Part Two: The Evolution
In 2008, WWE adopted a more family-friendly appeal and dropped the overtly sexual acts of the previous decade in what came to be known as its “PG Era”. The Divas Championship debuted on Smackdown, with the Women’s Championship remaining its RAW counterpart until 2010 when the two titles merged. During this time, the Divas seemed to take a backseat to the male wrestlers. It wasn’t until 2015 when the women’s revolution within WWE really began, with fans tweeting the hashtag #GiveDivasAChance after an insultingly short match between the Bella Twins against Paige and Emma. The trending hashtag brought widespread notice to the issue of the women’s subsidiary treatment within WWE.
In 2016, Lita unveiled the new Women’s Championship, which replaced the Diva’s Championship. It was also announced that the term “Divas” would be retired and that female wrestlers would be referred to as “WWE Superstars” instead. This was followed by the announcement of the SmackDown Women’s Championship a few months later, giving each brand its own women’s title, with Irish-born Becky Lynch becoming the inaugural SmackDown champion.
Charlotte Flair and Sasha Banks in Hell in a Cell
2016 spurred a lot of firsts for the women’s division. In October, Charlotte Flair and Sasha Banks competed in the first women’s Hell in a Cell match, which was also the first time a women’s match headlined a WWE pay-per-view. In November, Alexa Bliss and Becky Lynch competed in the second women’s TLC match to take place since the first one in 2010 (which took place between Beth Phoenix and Natalya against Layla and Michelle McCool, with the former emerging victorious).
Asuka wins 1st women's Royal Rumble
June of 2017 saw the women’s first Money in the Bank ladder match, which was ultimately won by Carmella. In December of that year, Stephanie McMahon announced that the first women’s Royal Rumble would take place in January of the following year, where it was the main event of the show and was won by outstanding Japanese wrestler Asuka.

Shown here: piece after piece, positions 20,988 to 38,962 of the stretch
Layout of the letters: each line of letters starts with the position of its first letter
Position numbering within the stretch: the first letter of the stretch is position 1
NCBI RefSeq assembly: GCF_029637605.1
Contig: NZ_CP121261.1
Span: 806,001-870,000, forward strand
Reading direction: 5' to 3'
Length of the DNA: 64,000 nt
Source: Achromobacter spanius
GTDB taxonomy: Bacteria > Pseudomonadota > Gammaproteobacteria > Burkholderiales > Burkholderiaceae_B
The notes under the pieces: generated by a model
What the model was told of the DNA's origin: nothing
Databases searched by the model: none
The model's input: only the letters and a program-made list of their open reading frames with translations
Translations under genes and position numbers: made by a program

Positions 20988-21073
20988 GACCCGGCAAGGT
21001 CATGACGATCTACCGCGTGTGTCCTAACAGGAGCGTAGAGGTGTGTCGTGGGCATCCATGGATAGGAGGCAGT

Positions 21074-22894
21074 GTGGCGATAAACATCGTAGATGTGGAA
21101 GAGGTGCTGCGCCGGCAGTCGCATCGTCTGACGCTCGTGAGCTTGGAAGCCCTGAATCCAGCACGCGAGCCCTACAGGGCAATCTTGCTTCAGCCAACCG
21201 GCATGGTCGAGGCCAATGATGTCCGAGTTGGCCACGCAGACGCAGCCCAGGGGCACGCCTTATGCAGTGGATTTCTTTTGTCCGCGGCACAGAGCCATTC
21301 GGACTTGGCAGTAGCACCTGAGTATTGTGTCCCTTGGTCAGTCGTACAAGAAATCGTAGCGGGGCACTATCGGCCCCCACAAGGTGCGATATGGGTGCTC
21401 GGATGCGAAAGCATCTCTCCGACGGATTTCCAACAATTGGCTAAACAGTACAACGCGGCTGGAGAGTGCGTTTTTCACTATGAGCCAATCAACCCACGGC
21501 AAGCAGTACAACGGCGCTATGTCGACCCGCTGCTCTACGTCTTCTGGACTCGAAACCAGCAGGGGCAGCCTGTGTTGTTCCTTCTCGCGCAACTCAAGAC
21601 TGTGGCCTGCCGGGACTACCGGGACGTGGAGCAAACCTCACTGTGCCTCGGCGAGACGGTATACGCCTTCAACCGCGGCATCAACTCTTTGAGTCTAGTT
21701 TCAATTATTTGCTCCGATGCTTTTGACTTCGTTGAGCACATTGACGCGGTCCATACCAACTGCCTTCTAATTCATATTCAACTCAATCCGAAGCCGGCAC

WWE then created a landmark event in October 2018 when it broadcast the first ever all woman pay-per-view event titled Evolution, in which both past and current female wrestlers made appearances.
Women's Tag Team Titles
In December 2018, speculative rumors proved true when the new Women’s Tag Team Championships, to be defended across all brands of WWE, were debuted and then were won by Sasha Banks and Bayley during a six team Elimination Chamber match.
Becky Lynch becomes "Becky 2 Belts" at Wrestlemania 35
All of these firsts (and more) culminated at Wrestlemania 35 in 2019 when women main evented the biggest WWE pay-per-view for the first time ever in a highly anticipated triple-threat match between Ronda Rousey (of UFC fame), Charlotte Flair, and Becky Lynch in which the winner would hold both the RAW and SmackDown women’s titles. Lynch emerged as the victor, making her the first and only woman to hold both championships at the same time.
For the majority of its existence, it was believed that WWE fans didn’t want to see women fighting each other the way male wrestlers did. As such, they were viewed more as sex objects than as athletes. However, times changed and evolved and, when the WWE Universe made it clear that they wanted to see more, the franchise complied. Now, female wrestlers have integral storylines and they don’t shy away from more physical matches than their earlier peers were afforded. Furthermore, women from all over the world and all different backgrounds have flocked to the WWE in recent years. The franchise boasts outstanding female competitors from all over the US, but also from as far away as Japan, the UK, Australia, China, etc., whom have proven time and again that women can be just as tough as men and are true superstars worthy of admiration and respect.
Tune in this Sunday, January 31st, at 7 p.m. ET/4 p.m. PT on the WWE Network to watch the 2021 Royal Rumble, where you can catch both the women’s and the men’s rumble matches!